Geomorphology of The Cleaver

By Patrick Englehardt and Leah Nelson

Camp 18 is located on a body of exposed rock called the Cleaver, and it is bordered by the Vaughan Lewis and the Little Vaughan Lewis icefalls. Although it currently stands proud of these icefalls, it is clear from geomorphological evidence that the Cleaver was once overridden by glacier ice. The scarred rock left behind following glacial erosion can indicate the direction of ice flow and can give clues to help understand subglacial conditions and forces.

Geomorphological features found on the Cleaver include chatter marks, striations  and roche moutonnee (all of which are defined below). Leah Nelson’s project is the creation of a geomorphological walking tour on the Camp 18 nunatak that identifies these features for future generations of JIRP students. The following photos and definitions are part of this project.

Chattermarks: Chattermarks are a series of small and closely spaced crescent-shaped features made by vibratory chipping of the bedrock surface by rock fragments carried in ice at the base of the glacier.  Their shape indicates movement; they are generally convex in the direction of ice motion.  The bedrock of the Cleaver is littered with chattermarks, showing the movement of the overriding ice.  

Chattermarks in the bedrock of the Cleaver.  Photo by Leah Nelson

Striations: Striations are multiple scratches, often parallel, inscribed on the bedrock surface.  These are caused by the sediment load in the base of the glacier that scraped along the bedrock.  In some places on the Cleaver, you can see striations that pass through both the bedrock and inclusions that are of a different rock type.  This instance of differential weathering shows the contrasting resistances between the two types of rock due to their composition.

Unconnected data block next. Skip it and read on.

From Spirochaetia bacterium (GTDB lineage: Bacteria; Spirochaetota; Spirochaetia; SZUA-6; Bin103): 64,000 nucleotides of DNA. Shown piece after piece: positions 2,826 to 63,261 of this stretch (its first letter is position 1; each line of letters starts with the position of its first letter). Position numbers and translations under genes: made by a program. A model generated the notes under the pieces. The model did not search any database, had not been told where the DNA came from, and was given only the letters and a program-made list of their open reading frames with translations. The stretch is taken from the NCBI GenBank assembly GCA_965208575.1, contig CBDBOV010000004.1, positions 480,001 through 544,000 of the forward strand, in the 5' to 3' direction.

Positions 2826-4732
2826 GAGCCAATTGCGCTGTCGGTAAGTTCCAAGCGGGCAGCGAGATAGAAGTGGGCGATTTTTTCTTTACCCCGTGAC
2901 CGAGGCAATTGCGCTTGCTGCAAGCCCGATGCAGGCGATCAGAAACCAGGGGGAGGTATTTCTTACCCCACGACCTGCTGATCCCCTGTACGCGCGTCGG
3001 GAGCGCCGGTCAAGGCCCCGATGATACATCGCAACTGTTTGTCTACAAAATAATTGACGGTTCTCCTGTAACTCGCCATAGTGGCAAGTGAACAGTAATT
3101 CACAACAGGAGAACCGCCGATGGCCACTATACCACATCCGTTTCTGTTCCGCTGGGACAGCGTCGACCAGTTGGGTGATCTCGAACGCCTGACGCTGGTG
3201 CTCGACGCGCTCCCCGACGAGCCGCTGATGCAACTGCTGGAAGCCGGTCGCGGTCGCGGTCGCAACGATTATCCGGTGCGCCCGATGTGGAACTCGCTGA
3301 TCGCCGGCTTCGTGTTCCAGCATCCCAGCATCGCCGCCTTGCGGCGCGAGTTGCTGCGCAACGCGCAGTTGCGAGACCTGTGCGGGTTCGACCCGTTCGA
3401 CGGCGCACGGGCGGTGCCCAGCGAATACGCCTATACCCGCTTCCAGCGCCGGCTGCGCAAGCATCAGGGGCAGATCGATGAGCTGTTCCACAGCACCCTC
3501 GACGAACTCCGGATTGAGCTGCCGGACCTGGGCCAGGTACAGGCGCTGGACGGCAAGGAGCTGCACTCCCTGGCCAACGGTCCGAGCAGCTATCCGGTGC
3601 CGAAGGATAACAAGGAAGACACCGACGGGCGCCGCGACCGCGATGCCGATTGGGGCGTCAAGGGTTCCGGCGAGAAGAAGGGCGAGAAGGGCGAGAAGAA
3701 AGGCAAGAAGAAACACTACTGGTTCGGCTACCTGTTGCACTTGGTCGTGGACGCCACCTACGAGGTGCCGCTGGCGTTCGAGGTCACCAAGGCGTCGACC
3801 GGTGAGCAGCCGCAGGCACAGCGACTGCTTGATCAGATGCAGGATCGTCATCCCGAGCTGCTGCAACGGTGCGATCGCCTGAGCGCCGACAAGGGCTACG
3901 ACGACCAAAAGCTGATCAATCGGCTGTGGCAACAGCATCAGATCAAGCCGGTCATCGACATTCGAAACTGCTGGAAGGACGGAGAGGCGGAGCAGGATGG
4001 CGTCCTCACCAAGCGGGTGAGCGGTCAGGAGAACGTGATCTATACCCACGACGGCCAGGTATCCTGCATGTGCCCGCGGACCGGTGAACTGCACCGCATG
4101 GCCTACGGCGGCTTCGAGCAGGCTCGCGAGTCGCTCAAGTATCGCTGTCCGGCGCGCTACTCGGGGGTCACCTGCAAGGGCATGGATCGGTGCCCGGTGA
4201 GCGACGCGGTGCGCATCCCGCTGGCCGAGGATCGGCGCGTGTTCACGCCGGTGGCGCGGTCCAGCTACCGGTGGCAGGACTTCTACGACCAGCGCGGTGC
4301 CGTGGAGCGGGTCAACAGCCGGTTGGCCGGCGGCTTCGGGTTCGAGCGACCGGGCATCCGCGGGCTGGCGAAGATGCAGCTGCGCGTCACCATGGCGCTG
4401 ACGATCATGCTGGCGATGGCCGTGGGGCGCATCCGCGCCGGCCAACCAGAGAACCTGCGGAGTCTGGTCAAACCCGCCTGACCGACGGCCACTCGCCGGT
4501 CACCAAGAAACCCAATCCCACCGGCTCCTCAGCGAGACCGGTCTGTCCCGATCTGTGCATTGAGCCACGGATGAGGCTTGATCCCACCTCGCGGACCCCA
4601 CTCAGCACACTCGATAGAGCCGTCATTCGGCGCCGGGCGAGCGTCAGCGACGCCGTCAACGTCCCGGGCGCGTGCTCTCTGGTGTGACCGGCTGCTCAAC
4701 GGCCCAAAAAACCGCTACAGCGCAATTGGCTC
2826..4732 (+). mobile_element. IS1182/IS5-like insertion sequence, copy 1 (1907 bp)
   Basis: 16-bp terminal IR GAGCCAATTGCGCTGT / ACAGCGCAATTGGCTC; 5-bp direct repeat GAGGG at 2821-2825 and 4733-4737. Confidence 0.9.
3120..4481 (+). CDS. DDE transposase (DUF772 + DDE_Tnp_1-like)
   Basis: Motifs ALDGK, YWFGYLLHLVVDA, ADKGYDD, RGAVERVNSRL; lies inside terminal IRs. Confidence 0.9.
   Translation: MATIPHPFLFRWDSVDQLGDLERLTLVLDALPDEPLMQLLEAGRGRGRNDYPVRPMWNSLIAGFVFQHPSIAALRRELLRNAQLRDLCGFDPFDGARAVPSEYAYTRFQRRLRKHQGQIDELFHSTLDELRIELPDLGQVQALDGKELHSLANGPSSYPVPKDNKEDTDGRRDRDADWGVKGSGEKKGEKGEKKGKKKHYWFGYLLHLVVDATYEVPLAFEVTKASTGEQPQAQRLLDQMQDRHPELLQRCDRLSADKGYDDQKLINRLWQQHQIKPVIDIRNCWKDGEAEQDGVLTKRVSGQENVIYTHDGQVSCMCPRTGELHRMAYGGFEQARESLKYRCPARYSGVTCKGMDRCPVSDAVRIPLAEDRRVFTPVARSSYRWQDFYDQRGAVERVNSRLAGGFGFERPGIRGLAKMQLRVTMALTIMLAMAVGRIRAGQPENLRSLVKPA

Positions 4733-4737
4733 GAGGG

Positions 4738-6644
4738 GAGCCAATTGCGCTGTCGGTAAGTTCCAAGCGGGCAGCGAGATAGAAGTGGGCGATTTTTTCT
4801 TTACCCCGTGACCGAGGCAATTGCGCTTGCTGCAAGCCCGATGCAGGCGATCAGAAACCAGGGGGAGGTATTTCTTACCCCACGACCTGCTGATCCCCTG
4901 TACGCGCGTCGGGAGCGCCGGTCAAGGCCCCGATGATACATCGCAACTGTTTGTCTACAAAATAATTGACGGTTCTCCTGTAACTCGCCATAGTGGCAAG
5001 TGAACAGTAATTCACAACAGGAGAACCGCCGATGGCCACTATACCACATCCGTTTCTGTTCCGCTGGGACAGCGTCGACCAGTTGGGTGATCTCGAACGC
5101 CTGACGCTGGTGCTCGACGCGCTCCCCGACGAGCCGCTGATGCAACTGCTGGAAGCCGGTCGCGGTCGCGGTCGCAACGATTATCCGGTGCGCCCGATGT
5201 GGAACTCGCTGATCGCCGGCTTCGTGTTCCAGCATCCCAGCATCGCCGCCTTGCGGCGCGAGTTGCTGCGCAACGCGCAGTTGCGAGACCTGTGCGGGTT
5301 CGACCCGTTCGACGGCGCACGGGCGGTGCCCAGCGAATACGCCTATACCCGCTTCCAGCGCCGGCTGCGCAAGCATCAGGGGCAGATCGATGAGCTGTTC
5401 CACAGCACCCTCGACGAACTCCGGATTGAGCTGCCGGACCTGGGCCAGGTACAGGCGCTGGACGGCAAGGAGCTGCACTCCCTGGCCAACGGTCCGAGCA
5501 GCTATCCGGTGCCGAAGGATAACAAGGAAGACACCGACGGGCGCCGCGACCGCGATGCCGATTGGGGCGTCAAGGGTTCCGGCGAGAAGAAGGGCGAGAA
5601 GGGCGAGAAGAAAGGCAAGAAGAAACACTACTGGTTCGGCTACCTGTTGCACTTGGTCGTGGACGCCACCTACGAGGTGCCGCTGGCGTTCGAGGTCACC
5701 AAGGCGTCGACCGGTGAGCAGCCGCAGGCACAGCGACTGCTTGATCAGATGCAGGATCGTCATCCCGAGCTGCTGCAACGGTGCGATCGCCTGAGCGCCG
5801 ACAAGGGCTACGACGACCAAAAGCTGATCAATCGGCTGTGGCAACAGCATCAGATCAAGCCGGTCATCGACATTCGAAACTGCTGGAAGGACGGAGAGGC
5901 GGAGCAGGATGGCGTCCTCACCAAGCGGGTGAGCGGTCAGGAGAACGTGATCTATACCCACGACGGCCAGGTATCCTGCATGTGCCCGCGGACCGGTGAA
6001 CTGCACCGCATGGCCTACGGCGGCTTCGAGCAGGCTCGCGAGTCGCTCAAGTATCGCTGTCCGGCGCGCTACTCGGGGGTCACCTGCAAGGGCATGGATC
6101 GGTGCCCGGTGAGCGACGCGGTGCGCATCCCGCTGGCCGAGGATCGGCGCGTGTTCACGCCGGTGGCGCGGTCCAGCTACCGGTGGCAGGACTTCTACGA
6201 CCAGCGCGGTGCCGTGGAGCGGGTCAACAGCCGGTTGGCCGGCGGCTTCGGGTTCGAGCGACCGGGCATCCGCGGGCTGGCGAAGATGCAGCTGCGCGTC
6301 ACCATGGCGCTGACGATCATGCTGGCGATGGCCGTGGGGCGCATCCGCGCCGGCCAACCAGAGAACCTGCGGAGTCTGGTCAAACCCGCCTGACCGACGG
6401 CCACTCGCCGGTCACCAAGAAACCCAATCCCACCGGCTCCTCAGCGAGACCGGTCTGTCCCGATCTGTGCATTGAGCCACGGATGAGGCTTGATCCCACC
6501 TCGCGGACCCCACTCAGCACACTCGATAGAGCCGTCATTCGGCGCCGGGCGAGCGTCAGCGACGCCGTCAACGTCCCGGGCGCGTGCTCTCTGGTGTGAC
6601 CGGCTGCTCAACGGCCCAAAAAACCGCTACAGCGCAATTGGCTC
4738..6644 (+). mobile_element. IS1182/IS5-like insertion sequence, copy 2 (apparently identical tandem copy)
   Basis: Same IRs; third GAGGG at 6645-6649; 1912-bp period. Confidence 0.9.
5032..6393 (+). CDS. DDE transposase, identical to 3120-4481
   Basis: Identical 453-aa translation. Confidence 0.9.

Striations through a xenolith. Photo by Leah Nelson.

Roche Moutonnee: A roche mountonnee is an elongated bedrock knob whose long axis is oriented in the direction of ice movement. The upstream side is gently inclined, smoothly rounded and striated; while the downstream side is rough and steep, often with portions of rock removed or plucked away during formation. The term comes from the French and means “sheep-backed rock”.

Author Leah Nelson gives scale to a roche mountonnee on the Cleaver. Photo by Patrick Englehardt.

Author Patrick Englehardt stands on another roche mountonnee with the impressive Gilkey Trench in the background. Photo by Leah Nelson.